Three Simple Options Strategies to Hedge Your Portfolio

Three Simple Strategies

Covered Call, Put Purchase, Risk Reversal

Using Options to Hedge Your Portfolio

Three Simple Strategies

Paul Goodwin, the Emerging Markets Specialist and Chief Analyst of Cabot China & Emerging Markets Report, wrote a great article this week explaining market psychology and what is happening in Greece and China and how it may be affecting our market. Here is a brief excerpt of what he wrote:

“Markets are used to all kinds of stressful events, and for the past year or so have taken the Greek debt crisis pretty much in stride. But as good as markets are at rational discounting in the face of a crisis, they are definitely not good at handling two crises at once. So when the Chinese stock market began to implode last week—the result of a year of speculative buying by Chinese investors and the government’s unexpected tightening of margin requirements—the result was extreme. Like a man under attack from a pit bull at his ankles and a swarm of bees around his head, a bit of panic was understandable.” (You can find Paul’s commentary here)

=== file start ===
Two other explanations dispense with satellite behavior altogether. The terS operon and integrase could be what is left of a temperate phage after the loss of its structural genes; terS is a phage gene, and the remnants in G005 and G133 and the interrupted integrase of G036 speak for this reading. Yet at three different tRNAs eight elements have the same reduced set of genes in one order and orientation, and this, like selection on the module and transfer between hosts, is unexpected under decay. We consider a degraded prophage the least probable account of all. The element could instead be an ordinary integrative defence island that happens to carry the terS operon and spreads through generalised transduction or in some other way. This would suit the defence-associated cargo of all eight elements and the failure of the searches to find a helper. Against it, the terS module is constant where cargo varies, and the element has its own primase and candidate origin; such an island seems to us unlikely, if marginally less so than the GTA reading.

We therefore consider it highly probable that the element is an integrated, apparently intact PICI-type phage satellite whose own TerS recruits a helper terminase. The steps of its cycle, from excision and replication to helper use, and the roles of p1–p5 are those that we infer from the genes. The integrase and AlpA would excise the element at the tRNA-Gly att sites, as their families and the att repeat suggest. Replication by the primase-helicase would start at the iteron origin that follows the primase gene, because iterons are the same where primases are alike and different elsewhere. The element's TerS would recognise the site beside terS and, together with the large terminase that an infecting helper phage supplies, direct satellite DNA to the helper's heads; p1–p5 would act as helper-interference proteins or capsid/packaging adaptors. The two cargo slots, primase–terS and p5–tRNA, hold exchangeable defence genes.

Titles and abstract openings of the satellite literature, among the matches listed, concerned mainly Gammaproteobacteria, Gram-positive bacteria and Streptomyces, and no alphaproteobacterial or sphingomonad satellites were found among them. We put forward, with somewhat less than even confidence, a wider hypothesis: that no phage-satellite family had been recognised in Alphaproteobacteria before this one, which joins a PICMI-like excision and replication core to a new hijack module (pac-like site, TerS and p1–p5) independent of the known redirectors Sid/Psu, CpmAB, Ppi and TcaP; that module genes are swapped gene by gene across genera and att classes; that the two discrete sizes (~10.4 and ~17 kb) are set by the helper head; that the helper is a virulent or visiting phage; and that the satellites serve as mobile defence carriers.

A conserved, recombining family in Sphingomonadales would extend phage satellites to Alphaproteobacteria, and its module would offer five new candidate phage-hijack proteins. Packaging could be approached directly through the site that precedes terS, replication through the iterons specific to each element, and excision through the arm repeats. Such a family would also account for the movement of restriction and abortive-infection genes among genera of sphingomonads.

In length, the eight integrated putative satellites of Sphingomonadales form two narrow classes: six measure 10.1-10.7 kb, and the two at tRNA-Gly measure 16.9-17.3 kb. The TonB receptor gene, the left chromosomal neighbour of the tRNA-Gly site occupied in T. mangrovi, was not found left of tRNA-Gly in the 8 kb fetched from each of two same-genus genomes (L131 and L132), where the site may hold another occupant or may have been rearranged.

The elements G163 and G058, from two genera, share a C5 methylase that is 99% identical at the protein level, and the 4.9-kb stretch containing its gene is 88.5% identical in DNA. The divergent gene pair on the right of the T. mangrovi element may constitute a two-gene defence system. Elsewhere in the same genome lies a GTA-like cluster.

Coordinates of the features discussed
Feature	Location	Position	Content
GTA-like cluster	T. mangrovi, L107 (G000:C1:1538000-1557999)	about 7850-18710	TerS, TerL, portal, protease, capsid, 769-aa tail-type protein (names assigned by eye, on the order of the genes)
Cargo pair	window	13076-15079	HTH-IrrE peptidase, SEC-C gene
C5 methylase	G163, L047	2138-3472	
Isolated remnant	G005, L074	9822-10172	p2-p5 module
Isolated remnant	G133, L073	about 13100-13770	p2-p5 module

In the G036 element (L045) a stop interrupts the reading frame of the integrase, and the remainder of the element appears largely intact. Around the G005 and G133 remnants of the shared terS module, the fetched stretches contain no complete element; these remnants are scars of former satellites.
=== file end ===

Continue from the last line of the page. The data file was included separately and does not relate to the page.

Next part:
This panic that Paul wrote about sparked a greater than 2% decline in the markets on Monday. So how do you protect your portfolio from a pit bull and a swarm of bees?

There are several options strategies that you can implement to hedge your portfolio. Because I can’t possibly know what you have in your portfolio, I’ll base the strategies on the SPDR S&P 500 ETF (SPY), which corresponds to the price and yield performance of the S&P 500 Index.

(Note: You may not be allowed to hedge your mutual fund holdings by trading the SPY. For instance, if you own mutual fund XYZ, your broker may not allow you to sell calls in the SPY because they don’t move in exact correlation. But that is a conversation you should have with your brokerage provider.)